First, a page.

Here’s an example: When I say 70% to Hypha, there’s no way for me to explain why I choose that. So suppose I see a good reason as to why Hypha should get 90% of the budget (maybe because they want to build a great new project that will help SEEDS a lot), but since there’s no place for me to say that, and I can’t communicate to enough people, and most people vote Hypha should get 40% or less, so averaging it out Hypha gets 42% of the budget, not enough for them to deliver what they want to deliver.

Here’s an alternative, that also address the Problem or cognitive overload for proposal evaluation and due diligence:

Continuous Conviction Funding for Global Pool
(Very much inspired in Commons Stack Conviction Voting framework)

  • Only Global Seeds Organizations are eligible to create Funding Proposals to the Global DAC pool (Citizens can still create Global Referendums)
  • Citizens have voice equal to their CS, and can change the allocation of their tokens at any time to the active proposals, to indicate their support
  • Tokens take time to move: say 1 token per hour, so it takes 4 days (96 hours) to change your whole pool of votes, if you have CS 96
  • The number of needed votes to pass is proportional to the budget requested. If the proposal requests for 1% of the budget, it needs 1% of the votes (there can be a configurable minimum and maximum too)
  • Proposals are approved as soon as the number of needed votes is reached, then that votes return instantly to the voters pool

Funding Categories

  • Every Funding Proposal has to have at least one Category, from which the budget will be taken (so a Farming DHO will most likely create proposals to use the Farming category)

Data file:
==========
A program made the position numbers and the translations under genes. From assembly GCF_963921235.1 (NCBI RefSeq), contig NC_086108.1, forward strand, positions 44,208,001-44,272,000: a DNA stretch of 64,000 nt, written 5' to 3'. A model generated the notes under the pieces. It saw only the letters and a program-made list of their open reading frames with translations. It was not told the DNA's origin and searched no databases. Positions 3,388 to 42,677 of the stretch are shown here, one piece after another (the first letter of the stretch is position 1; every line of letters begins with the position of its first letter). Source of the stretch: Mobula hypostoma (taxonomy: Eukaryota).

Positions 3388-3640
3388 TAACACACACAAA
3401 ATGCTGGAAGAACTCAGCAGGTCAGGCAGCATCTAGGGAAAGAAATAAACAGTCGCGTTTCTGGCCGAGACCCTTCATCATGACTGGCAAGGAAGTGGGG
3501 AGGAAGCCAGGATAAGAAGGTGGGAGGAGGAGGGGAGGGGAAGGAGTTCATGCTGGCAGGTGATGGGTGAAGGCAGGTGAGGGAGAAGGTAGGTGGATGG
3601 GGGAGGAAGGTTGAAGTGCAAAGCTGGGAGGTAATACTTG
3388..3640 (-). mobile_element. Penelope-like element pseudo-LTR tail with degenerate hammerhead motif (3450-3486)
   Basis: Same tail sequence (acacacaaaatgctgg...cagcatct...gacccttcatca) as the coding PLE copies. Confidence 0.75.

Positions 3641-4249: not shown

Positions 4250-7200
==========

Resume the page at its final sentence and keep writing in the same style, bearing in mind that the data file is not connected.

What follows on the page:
• The eligible Categories are configured at the DAC level, and can be changed by Referendum
  • Any Citizen can post a Referendums to change the distribution from the Harvest in Categories (like 40% Farming, 20% Movement Building, 10% etc.), where they explain WHY they want to change the percentages, if they get enough votes, it passes.

Continuous Conviction Funding for Regional Pool

  • Same as above, however Citizens and Regional Organizations can submit budget proposals to the Regional DAC pool
  • Regions can have Categories and allocations different from the Global DAC

PS: If you don’t know about DHO and DAC, check here.


Thank you @julioholon for this different view on the proposal. I like the idea of continuous conviction funding you bring to the conversation. I can see how voting and budging could flow. It makes sense to me.

I feel this is a very technical process oriented viewpoint. I am wondering how we might build scaffolding - people, conversation, culture - around it? :thinking:

1 Like

Some further thoughts:

  1. The framing of the problem seems too narrow: lack of due diligence from citizens and inability to scale. Are these the current challenges?
    Some further aspects:
  • SEEDS becoming too complex for only Hypha to contribute to it, Hypha currently a bottleneck and unique place for sustainable compensation
  • SEEDS Ecosystem mature enough to have new orgs contributing to its growth
  • Hypha willing to evolve Hypha milestone to SEEDS milestone (or landmarks)
  • Need for mechanism to distribute common funds to different orgs (milestone funds and funding campaigns? before Go Live, harvest funds after Go Live) - are we looking for a universal solution? Why? Do we have same conditions?
  1. Solution: lack of due diligence not addressed by solution, Julio’s point of vote for favorite group rather than stuff that matters pretty valid.
    Scaling still seems challenging with different orgs doing different work and hundreds of people need to make sense of that and vote coherently.